Being ‘terminally online’ is something that bonded Ćmiel and Mura Masa who Danny L Harle introduced: “I was telling him about my problem of not wanting to leave the house, and he was saying, ‘Oh yeah, that’s delegation.’ It means you have a little square of safety, and you can’t cross that border – sometimes it goes so far as to be the line that separates your room from the hallway. It’s that bad.” As Ćmiel and Leonn wrote softscars in a single, consuming week, he would have to import things from ‘the outside world’ to their inner sanctum.

The record is built on a foundation of life-changing events, dissecting the moments that tip the scale and leave you irrevocably altered. “So, have you ever seen someone die, right in front of your eyes?” Ćmiel ventures. I tell them I haven’t, but they have, twice: “One of them was an OD and one of them was from cancer. I experienced death at a young age, very closely. I don’t believe in ghosts, but I believe in energy passing through. I feel like people who have passed and people who I’ve loved who have transcended physically live vicariously through my love for them and my remembering them. My second EP [Pathos] was dedicated to one of my best friends in high school who killed himself on Valentine’s Day in 2016. I still think of him to this day and I celebrate his life because he was a very talented writer and actor. He was quiet, and he was stifled by religious dogma – and I grew up very religious, too. After doing a lot of work on myself, I started to think about my childhood and wondered what I could do to satiate their needs. softscars is a confrontation of all my flaws, and a confrontation of everyone around me who I loved way too hard and stifled way too hard.”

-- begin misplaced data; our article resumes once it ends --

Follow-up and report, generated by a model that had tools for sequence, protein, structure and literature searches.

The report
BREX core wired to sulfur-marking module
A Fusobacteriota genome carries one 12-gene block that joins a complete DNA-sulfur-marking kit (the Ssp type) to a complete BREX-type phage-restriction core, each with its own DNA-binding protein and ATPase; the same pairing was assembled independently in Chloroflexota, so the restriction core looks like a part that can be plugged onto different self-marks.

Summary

I ask if the reopening of those wounds on a public scale, on a stage for the world to observe and dissect, is destructive. “Interesting…” they pause, for a moment. “Yes. I have to take songs off the setlist. Sometimes, I feel like my entire career is based on my trauma, and I’m bringing in all that trauma to write good shit. I’m not perfect, and I don’t feel like all my scars are healed – but at least I can make something beautiful, sonically. Sometimes the music can keep you at a safe distance from the actual meaning of a song.”

Vasso Vu

The total of Ćmiel’s work is an interrogation of the personal nature of trauma and the very public nature of art. “I’ve always been drawn to the darker side of things because I find it really comforting knowing there’s something quite adverse against purity. It’s, like, poisonous, you know? You bite the hand that feeds you,” they explain. “But I also celebrate triumph. I celebrate a lot of healed battle wounds. I don’t even feel vulnerable as much as I feel powerful for confronting them.”

Through the moments of white-knuckled pain and euphoria that softscars encapsulates through retracing the past, how has this baptism of fire changed Ćmiel’s understanding of themself? “I would be lying if I said I loved myself and I’m living in daisies, super happy and frolicking through life. But I feel like I’ve made something, I’ve made something very pivotal on a flower bed – even though it’s rotting. And I’m happy about that. It doesn’t matter if I’m okay with myself or happy as long as I’m doing something that I find fulfilling. I’m content… but I’m not. It’s weird,” they say, another thought crossing their mind like a passing cloud, “every time I finish writing an album, I’m hungry. I want more.”

softscars is out now via Ninja Tune